Alkynes

The alkynes are the third homologous series of organic compounds of hydrogen and carbon, where there is at least one triple-bond between the atoms in the molecules.

The alkenes are said to be unsaturated because of the existence of a multiple bond in the molecule. The general structure of the alkene series of hydrocarbons is CnH2n-2. The first member of the ethene series is ethyne (previously called acetylene). The names of all alkynes end in "-yne". Rules for the systematic naming of alkynes are similar to those for alkenes. In the case of higher members of the alkene series, the triple bond may be between the terminal carbon atoms of the chain, or may be between internal carbon atoms in the chain.


	Ethyne (Acetylene)	HCCH
	Propyne			HCCCH3
	1-Butyne		HCCCH2CH3
	1-Pentyne		HCC(CH2)2CH3
	1-Hexyne		HCC(CH2)3CH3
	1-Heptyne		HCC(CH2)4CH3
	1-Octyne		HCC(CH2)5CH3
	1-Nonyne		HCC(CH2)6CH3
	1-Decyne		HCC(CH2)7CH3
	2-Butyne		CH3CCCH3
	2-Pentyne		CH3CCCH2CH3
The bond formed between the hydrogen atom and the unsaturated carbon atom, and first bond between the unsaturated carbon atoms in the ethynes are s bonds (sigma bonds) and these bonds are formed by the end-on overlap of sp hybrid orbitals of the carbon atoms and the bonds are arranged as far apart in space as possible (i.e. at 180 degree) to form a linear molecule. The second and third bonds that makes up the triple bond of the unsaturated carbon atoms in alkenes are p-bonds (pi-bonds), formed by the side-on overlap of the two p-orbitals on each of the carbon atoms. The p-bonds (pi-bonds) are much more reactive than the s bonds (sigma bonds), and react readily in addition reactions.

Acetylene is a linear molecule, all four atoms lying along a straight line. This linear structure can only be explained by the existence of sp hybridisation of the orbitals of the carbon atoms of ethyne.

The carbon-carbon triple bond is thus made up of one strong bond and two weaker (bonds; it has a total strength 123 kcal. It is stronger than the carbon-carbon double bond of ethylene 100 kcal or the single carbon-carbon bond of ethane 83 kcal, and therefore is shorter than either.

The C-C distance is 1.2 A, as compared with 1.34 A in ethylene and 1.54 A in ethane and is a more electronegative grouping than that formed by carbon atoms joined by either a double or a single bond.

The hydrogen attached to the carbon-carbon triple bond in ethyne or in any alkyne where the carbon-carbon triple bond is situated at the end of a carbon chain is able to separate from the rest of the molecule as a hydrogen ion; the electronegative carbon is able to retain both electrons from the broken covalent bond.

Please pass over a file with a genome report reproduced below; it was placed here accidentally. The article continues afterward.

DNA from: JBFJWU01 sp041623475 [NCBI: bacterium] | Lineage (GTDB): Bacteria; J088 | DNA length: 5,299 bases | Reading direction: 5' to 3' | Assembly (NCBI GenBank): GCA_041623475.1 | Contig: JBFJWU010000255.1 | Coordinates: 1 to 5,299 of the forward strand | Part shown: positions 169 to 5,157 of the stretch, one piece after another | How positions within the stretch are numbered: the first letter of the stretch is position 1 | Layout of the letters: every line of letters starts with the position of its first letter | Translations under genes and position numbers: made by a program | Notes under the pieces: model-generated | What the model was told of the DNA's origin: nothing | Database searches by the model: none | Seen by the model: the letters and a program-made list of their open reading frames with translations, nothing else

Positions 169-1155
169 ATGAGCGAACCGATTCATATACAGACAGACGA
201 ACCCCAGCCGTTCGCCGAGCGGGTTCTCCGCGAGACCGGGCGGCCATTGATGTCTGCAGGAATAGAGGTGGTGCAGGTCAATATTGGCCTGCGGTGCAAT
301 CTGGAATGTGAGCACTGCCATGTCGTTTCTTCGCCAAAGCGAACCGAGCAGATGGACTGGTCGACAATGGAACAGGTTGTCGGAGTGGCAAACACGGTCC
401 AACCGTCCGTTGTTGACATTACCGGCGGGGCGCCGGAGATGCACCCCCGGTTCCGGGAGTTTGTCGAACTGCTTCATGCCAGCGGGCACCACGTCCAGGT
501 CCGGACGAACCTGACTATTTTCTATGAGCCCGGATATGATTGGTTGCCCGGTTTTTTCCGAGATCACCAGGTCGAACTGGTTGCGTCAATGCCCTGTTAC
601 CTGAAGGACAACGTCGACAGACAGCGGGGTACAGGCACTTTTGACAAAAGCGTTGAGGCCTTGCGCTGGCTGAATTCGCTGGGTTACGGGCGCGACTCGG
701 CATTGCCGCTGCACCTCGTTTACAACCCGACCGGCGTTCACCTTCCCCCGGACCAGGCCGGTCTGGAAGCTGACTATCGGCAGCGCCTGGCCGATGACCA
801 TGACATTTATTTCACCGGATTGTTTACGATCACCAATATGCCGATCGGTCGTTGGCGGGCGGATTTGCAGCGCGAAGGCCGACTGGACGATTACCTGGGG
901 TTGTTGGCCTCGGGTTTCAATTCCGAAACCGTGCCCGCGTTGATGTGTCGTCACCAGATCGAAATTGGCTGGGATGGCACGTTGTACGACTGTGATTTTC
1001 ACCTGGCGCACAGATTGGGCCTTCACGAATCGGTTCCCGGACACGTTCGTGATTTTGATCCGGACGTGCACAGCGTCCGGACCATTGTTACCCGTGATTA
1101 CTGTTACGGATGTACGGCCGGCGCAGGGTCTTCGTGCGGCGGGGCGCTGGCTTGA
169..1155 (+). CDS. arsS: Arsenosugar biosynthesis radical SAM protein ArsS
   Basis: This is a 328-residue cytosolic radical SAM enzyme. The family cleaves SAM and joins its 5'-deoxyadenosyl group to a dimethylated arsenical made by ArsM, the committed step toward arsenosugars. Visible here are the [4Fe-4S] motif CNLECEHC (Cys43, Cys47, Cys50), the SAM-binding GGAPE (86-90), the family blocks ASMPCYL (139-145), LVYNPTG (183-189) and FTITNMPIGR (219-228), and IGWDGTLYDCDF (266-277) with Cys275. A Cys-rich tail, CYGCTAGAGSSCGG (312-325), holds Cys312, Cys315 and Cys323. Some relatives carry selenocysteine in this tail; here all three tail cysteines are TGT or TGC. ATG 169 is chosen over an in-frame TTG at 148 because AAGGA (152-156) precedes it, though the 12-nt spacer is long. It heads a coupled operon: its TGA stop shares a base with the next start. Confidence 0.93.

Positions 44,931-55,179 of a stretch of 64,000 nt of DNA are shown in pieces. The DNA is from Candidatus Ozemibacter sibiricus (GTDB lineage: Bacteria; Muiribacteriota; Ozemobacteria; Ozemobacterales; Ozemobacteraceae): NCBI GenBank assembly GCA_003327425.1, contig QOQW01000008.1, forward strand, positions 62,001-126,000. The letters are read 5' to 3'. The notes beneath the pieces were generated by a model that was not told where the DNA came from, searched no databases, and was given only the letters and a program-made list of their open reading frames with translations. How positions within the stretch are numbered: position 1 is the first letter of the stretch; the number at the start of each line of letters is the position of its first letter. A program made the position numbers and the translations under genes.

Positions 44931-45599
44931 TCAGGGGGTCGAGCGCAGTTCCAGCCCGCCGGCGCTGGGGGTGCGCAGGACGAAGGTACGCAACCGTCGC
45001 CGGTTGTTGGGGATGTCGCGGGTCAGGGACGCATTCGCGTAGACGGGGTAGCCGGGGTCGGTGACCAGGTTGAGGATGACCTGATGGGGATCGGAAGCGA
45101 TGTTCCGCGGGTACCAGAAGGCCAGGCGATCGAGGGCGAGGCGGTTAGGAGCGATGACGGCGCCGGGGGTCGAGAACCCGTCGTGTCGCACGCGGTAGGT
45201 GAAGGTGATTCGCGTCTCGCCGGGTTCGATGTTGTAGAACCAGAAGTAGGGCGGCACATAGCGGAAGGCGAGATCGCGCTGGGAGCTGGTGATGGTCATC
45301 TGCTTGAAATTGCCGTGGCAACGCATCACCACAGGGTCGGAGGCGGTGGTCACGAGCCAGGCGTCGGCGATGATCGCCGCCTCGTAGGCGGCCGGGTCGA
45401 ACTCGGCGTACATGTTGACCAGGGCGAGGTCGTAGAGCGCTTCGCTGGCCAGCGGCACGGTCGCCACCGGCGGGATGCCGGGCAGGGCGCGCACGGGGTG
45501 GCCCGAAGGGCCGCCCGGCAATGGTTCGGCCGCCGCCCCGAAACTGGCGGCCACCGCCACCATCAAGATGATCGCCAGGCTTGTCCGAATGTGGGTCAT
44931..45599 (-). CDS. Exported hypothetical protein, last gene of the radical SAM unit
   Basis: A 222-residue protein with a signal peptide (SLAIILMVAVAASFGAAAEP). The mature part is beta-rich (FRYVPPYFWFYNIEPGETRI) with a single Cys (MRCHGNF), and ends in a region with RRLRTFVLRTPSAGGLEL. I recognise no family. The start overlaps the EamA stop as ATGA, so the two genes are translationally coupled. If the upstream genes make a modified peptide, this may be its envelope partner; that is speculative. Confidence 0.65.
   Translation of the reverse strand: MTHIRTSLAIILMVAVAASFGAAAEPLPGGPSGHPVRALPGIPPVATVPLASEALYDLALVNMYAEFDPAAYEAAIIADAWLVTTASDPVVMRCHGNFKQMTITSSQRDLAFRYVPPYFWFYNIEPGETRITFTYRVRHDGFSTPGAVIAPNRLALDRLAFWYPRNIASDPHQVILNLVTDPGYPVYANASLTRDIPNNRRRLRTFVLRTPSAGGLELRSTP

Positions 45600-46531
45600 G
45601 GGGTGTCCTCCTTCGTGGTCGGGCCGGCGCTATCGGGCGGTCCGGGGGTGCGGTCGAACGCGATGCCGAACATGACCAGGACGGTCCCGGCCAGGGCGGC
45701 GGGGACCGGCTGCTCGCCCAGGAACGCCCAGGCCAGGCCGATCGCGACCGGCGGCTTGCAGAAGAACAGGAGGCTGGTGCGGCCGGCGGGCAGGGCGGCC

A significant result of this bonding is that ethyne can unite with metals and so be distinguished from alkenes by chemical means.

The linear structure does not permit geometric isomerism of ethyne.


Alkynes Chemical Properties

Combustion of Alkynes
Ethyne burn in air with a luminous, smoky flame, (forming carbon dioxide and water).


	2 C2H2   +   5 02       ==>     4 CO2   +   2 H2O               

The ethynes are highly dangerously explosives when mixed with air or oxygen.

Oxidation of Alkynes
Ethyne is oxidised by a dilute aqueous solution of potassium permanganate to form oxalic acid. Thus, if ethyne is bubbled through a solution of potassium permanganate the solution is decolourised. This is Baeyer's test for unsaturated organic compounds.


				KMnO4           

		HCCH         	==>          O = COH 

		Ethyne                          O = COH 

						Oxalic Acid     
Addition Reactions of Alkynes
Because of the unsaturated nature of ethyne addition reactions can occur across the triple bond.
Addition of Hydrogen
When acetylene and hydrogen are passed over a nickel catalyst at 150 degC, (or over platinum black catalyst at room temperature) ethene is first formed and then this is further reduced to ethane.


		Ni              

		       		150degC            

	HCCH    +    H2  	===>     

	Ethyne  

				Ni      

				150degC   

	H2C=CH2  +   H2       ===>     	C2H6    

	Ethene                          	Ethane  

Addition of Halogens
Ethyne reacts explosively with chlorine at room temperature, forming hydrogen chloride and carbon. To control the reaction, acetylene and chlorine (also bromine) are added in retorts filled with kieselguhr (hydrated silica) and iron filings.